Australian Vanadium (ASX: AVL) revealed metallurgical test work at its Gabanintha vanadium project in Western Australia has confirmed the project’s potential to meet the needs of the growing vanadium battery sector and steel industry.
The test work program is aiming to determine comminution parameters for the Gabanintha ore, as well as the quality and recovery of the concentrate.
Australian Vanadium claims it is focusing on the high-grade vanadium-iron mineralised zones at the project due to the mineralisation’s suitability for traditional roast-leach processing.
According to Australian Vanadium, roast-leach processing is the most common and understood recovery method for vanadium ore.
The recent metallurgical test work was undertaken on 24 diamond drill core composites from Gabanintha.
Magnetic separation was used to recover the magnetic material from waste and this resulted in “exceptional concentrate recovery”, with 92.3% vanadium captured in a 1.42% vanadium concentrate prior to further optimisation.
Meanwhile, transitional magnetic separation and rare earth magnetic separator recovered 89.2% vanadium in a 1.40% vanadium concentrate.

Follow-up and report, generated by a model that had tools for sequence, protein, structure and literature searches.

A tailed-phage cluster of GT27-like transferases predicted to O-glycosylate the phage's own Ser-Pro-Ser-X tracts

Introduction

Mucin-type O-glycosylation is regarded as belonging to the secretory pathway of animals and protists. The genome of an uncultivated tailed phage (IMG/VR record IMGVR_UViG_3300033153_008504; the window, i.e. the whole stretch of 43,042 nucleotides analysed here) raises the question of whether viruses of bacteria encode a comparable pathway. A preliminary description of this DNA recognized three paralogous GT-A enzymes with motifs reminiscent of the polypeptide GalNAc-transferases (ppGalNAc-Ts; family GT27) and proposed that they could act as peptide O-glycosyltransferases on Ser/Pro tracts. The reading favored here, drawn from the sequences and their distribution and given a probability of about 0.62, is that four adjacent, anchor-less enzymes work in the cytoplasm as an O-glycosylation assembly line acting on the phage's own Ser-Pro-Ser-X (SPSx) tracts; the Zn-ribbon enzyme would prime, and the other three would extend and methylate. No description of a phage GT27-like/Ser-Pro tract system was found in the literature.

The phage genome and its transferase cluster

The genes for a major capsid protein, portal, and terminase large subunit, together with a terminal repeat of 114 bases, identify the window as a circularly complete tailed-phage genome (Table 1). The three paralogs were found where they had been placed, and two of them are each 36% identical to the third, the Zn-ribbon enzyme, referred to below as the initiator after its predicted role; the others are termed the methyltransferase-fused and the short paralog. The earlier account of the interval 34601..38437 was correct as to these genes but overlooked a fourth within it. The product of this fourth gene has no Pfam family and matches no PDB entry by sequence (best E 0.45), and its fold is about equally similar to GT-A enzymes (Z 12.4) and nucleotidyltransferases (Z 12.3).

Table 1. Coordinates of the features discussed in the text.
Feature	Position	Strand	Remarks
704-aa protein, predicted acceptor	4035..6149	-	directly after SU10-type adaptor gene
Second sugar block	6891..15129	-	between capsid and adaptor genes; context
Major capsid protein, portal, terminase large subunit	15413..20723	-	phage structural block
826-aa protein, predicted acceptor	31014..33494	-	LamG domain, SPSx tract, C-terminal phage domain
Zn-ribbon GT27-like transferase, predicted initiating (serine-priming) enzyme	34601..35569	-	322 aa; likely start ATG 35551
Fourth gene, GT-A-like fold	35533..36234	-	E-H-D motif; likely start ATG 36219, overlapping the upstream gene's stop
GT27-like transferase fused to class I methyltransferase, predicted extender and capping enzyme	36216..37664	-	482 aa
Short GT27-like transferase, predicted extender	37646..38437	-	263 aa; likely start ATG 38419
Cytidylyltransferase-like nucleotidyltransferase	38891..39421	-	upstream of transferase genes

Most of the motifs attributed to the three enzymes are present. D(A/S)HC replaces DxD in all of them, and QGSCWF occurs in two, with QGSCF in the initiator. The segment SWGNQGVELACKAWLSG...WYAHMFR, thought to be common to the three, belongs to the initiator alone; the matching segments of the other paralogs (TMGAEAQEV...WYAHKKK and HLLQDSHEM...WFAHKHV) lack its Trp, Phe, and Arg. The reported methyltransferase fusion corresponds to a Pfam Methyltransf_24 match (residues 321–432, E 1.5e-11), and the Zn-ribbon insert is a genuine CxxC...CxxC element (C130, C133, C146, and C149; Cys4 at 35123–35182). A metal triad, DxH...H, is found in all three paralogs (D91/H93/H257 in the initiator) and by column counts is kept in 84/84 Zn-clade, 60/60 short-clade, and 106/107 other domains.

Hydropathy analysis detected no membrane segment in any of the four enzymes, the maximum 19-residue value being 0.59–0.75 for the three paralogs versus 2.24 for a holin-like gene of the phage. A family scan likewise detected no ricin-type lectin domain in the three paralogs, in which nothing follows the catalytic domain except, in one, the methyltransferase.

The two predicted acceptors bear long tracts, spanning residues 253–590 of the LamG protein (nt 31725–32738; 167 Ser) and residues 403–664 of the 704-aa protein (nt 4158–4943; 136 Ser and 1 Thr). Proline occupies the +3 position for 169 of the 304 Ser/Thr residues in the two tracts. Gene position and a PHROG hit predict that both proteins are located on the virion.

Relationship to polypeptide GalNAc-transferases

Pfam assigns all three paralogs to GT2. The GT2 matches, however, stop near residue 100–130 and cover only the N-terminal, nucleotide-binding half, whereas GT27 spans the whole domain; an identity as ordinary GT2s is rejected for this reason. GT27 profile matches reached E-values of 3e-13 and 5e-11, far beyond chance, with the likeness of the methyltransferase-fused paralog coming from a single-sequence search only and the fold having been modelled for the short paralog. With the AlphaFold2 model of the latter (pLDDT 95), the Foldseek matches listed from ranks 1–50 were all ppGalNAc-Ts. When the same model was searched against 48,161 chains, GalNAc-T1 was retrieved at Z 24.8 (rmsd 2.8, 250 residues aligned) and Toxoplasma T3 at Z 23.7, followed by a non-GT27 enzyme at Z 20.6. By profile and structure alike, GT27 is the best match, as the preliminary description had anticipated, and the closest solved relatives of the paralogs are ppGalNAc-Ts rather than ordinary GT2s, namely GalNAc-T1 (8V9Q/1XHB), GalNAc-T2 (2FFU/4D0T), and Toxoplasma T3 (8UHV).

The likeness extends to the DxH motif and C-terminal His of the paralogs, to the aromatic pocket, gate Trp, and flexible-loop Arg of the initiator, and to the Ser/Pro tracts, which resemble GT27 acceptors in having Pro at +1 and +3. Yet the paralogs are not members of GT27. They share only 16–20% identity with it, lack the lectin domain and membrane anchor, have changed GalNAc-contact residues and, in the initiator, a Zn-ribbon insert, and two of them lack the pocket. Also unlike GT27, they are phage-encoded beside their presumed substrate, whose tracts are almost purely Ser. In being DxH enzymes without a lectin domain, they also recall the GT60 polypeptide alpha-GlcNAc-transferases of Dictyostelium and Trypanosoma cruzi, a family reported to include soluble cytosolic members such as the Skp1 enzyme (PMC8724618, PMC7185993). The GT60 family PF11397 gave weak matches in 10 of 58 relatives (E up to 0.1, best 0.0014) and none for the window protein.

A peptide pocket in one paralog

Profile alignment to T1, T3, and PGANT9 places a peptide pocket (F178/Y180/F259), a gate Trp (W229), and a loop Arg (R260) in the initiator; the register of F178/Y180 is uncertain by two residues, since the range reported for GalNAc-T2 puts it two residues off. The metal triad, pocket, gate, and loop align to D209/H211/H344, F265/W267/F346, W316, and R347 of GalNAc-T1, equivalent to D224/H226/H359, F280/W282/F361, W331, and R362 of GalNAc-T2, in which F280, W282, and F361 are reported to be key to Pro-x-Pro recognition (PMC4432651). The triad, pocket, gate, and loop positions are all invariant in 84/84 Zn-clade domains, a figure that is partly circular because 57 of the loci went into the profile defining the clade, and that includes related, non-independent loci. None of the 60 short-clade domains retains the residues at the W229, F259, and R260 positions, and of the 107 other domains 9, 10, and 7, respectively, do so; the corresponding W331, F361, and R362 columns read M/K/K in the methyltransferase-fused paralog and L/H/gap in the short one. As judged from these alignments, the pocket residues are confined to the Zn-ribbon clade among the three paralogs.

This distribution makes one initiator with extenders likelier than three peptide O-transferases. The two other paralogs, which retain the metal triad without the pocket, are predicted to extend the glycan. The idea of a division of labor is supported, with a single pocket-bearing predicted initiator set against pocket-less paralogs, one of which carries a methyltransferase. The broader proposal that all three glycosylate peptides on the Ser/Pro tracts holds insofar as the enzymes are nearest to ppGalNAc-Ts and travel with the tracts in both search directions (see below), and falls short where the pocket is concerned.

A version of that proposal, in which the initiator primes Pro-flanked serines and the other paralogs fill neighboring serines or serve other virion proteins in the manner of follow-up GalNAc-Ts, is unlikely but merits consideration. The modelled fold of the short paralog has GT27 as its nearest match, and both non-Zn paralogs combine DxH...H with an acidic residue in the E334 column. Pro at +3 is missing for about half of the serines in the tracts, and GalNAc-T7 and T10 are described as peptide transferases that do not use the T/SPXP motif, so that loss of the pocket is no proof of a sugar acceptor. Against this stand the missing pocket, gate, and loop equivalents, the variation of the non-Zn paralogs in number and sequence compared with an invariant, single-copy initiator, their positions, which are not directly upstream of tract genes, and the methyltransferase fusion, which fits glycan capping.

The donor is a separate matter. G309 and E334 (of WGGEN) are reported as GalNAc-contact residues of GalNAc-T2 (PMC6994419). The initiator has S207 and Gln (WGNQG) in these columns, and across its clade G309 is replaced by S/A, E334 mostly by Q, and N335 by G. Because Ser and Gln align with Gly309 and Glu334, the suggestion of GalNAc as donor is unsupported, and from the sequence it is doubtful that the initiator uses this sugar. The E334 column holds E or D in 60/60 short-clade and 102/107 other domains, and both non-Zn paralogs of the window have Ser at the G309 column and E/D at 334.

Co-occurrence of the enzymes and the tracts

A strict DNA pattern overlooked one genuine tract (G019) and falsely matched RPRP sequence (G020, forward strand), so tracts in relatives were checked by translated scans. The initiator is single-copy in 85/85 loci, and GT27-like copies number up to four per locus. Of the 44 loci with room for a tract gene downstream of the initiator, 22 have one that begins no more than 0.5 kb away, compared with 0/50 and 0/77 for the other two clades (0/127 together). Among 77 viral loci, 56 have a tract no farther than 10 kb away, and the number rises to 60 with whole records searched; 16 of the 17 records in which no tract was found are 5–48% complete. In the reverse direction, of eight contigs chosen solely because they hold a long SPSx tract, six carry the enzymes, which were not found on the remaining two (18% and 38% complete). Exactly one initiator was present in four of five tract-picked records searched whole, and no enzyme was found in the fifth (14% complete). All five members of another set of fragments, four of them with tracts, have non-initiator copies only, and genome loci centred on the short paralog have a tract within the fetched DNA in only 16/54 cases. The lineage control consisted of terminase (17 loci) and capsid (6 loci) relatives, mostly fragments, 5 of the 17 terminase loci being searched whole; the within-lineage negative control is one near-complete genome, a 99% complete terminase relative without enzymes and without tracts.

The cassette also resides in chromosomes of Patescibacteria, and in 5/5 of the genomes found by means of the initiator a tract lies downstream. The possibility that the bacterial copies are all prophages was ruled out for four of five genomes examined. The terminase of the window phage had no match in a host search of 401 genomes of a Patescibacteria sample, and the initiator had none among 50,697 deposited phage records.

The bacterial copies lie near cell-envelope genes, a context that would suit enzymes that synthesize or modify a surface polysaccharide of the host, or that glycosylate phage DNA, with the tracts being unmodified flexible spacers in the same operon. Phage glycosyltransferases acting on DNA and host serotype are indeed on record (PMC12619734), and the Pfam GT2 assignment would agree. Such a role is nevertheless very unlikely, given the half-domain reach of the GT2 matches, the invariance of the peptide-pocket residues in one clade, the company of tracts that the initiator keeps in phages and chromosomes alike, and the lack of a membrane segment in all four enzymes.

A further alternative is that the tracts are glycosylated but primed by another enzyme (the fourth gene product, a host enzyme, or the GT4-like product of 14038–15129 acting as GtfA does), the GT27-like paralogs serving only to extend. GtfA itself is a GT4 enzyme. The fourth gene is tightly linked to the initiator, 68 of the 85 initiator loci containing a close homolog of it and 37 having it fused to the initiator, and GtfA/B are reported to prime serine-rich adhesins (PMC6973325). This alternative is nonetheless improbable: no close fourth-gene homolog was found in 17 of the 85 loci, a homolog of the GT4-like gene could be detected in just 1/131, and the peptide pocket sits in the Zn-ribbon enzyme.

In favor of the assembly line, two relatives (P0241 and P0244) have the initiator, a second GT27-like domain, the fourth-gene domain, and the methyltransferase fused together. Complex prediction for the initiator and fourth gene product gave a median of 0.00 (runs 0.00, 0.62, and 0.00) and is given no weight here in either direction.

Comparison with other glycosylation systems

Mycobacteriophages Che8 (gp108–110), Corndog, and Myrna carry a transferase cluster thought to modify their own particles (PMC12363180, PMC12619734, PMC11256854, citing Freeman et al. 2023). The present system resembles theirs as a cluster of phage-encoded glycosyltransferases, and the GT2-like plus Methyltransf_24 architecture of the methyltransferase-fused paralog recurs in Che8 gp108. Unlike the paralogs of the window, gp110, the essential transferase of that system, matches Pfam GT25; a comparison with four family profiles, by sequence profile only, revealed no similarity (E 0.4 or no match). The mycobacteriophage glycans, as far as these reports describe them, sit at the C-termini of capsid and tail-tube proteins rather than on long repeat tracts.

Transitional concentrate grades up to 1.72% vanadium and 1.66% vanadium were achieved during testing, which Australian Vanadium claims indicates “significant upside across the deposit”.
“The definitive work to date in the current program is providing us with great confidence that Gabanintha can produce a significant quantity and quality of vanadium concentrate to feed a conventional vanadium roast-leach process,” Australian Vanadium managing director Vincent Algar said.
“We will continue to optimise the recovery to achieve the simplest possible flowsheet to take to our pre-feasibility study,” Mr Algar added.
Comminution test work was also completed to determine the energy needed to produce a consistent ore for processing.
This study investigated crushing, grinding, density and abrasiveness, with around 6.9KWh/t consistently required to breakdown the material in a mill.
“The results of this round of test work confirms the company’s view that Gabanintha will be able to supply high quality vanadium products to meet the needs of energy storage and steel making customers,” Mr Algar said.
He noted the demand for vanadium had picked up and the company was fast-tracking project development to get its vanadium to market as soon as possible.
Further testing is underway to boost concentrate recoveries and reduce the silica and alumina waste elements.
“The object is for Gabanintha to provide the highest quality processing feed possible from the entire high-grade orebody via the simplest circuit design,” Mr Algar said.
The Gabanintha project is near Meekatharra and hosts a resource estimate of 179.6 million tonnes grading 0.75% vanadium pentoxide, with a high-grade zone of 92.8mt grading 0.96% vanadium pentoxide.
Shares in Australian Vanadium were up more than 4% to A$0.045 in mid-morning trade.